Obscure Metro Files: 1998 Playoffs
Duhaney in the shootout
November 20, 2008
One would think that a playoff series does not belong in Obscure Metro Files. Yet, the 1998 postseason somehow does. Every other lost series, from 1996 to 2006, had its share of memorable moments, its share of miserable heartbreak, its share of unforgettable storylines. 1998? Not so much. Metro came into the playoffs limping, nothing was expected from them, they crashed out in two games, season over. But, since the opponent in 1998 was the Columbus Crew -- until this week, the only time the two have met in the playoffs, this seems as good time as any to remember that series.
When we say Metro came into the playoffs limping, that's a huge understatement. Late in the season, they crashed and burned, losing six straight matches, ending with a 5:0 home loss to DC. The disastrous collapse cost coach Alfonso Mondelo his job, but since the team collected enough wins prior to the losing streak, they still entered the playoffs as the East's third seed.
And they entered the playoffs under a new coach, former US national team manager Bora Milutinovic. Back then, we had no idea the horror Bora will bring to the franchise; we'd have to wait for 1999 for that. All we expected that then is Bora-ball, which, in theory, can get you results with its tight defense and attempts to win 1:0. (Hmmm, why does that sound a bit familiar?)
We got our first taste of Bora-ball in the last regular season game, when Metro finally tasted victory, sort of, by tying New England 0:0 in regulation and winning in the shootout. Exciting indeed. And then came the playoffs.
Back then, MLS's playoffs were a best-of-three affair, with shootout wins counting as wins. So, in theory, a team could lose the first game, tie the next one, win in a shootout, tie the third one, win in a shootout, and win a series. And they say the current format is convoluted. NOT EVEN CLOSE.
So, Metro entered game one in Columbus, and... well, it was over before the fans could settle in. Brian McBride scored two, the first nine minutes in, the second three minutes after. At the half it was 4:0.
Eduardo Hurtado, yet to become the El Stanque of 1999, made it 4:1, Columbus responded immediately, as it became 5:1. Then, a Mike Sorber penalty kick and a Miles Joseph long shot made it 5:3. The game was nowhere as close as the final margin suggested.
But since the margin of victory did not matter back then, it was irrelevant if Metro lost 4:0, 5:3, or 1:0. They were one game down, coming home. They haven't won a home game in a month and a half, but surely they had a chance. And, on a rainy Saturday night in front of a slim Giants Stadium crowd, for a while it looked like they did.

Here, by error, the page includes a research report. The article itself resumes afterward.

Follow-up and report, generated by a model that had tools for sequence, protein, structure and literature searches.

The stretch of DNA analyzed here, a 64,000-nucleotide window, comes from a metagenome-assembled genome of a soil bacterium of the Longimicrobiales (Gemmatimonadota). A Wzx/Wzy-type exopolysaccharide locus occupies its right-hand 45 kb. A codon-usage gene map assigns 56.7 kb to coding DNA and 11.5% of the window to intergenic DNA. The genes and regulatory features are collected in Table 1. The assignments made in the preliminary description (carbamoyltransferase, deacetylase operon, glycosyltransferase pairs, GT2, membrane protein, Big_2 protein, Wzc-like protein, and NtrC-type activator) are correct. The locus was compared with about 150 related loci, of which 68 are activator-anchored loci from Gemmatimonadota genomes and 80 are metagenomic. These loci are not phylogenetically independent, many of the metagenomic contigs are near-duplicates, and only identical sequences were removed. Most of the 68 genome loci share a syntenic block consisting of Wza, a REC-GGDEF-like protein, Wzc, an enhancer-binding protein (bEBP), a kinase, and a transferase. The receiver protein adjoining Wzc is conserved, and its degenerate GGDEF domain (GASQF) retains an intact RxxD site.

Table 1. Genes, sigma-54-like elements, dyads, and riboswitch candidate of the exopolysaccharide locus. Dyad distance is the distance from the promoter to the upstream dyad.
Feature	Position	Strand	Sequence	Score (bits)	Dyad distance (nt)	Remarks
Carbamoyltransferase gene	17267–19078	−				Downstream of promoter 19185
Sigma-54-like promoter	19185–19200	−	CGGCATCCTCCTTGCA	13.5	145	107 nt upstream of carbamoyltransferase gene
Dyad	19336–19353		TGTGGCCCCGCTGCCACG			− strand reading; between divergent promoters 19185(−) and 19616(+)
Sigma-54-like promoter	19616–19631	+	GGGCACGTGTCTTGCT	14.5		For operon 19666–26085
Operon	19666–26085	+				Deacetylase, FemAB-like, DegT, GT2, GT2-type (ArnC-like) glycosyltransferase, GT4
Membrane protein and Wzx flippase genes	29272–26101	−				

Thirteen minutes into the match, Tab Ramos scored off a direct free kick to give Metro their first lead of the series. But nine minutes after, Stern John made it 1:1, and that's how regulation ended. A shootout was to ensue. And Metro was great in the shootout.
For those who don't remember, the shootout consistent of players taking the ball 35 yard from the goal, and given five seconds to score. It was contrived, it was annoying, it was ridiculous. But it was also a source of two of Metro's greatest victories ever, back in 1996 (the 3-goal comeback versus Tampa Bay, and the playoff win over DC). And, in 1998, Metro did not lose a single shootout. They went 3-0 in the regular season, and, what's more, Columbus went 0-5. Metro had a chance.
Or so we thought. After the first frame, it was 1:1, Ramos converting for Metro. But after future Metro Thomas Dooley scored in the third frame for Columbus, the player he will end up swapping teams with in 2000, Mike Duhaney, had his shot saved by Jurgen Sommer. Columbus would go up 3:1 in the fourth frame, meaning Metro would have to score the next two and have the Crew miss to stand a chance. Sorber did his part, making it 3:2. Another future Metro, Andy Williams, shot high. So it was up to Mike Petke to bring Metro even.
It was Petke's time to shine. The rookie defender, who changed his bleach blond hair to red for the playoffs (with Duhaney joining him), was coming off a solid year. He made his only shootout attempt of the regular season. Surely, he would come through.
Well, he didn't. Sommer made a save, the Crew won the shootout, with it, the series, and just like that, 1998 was over. Ugh. Why do we relive these moments? Maybe because when victory finally comes, it will be that much sweeter?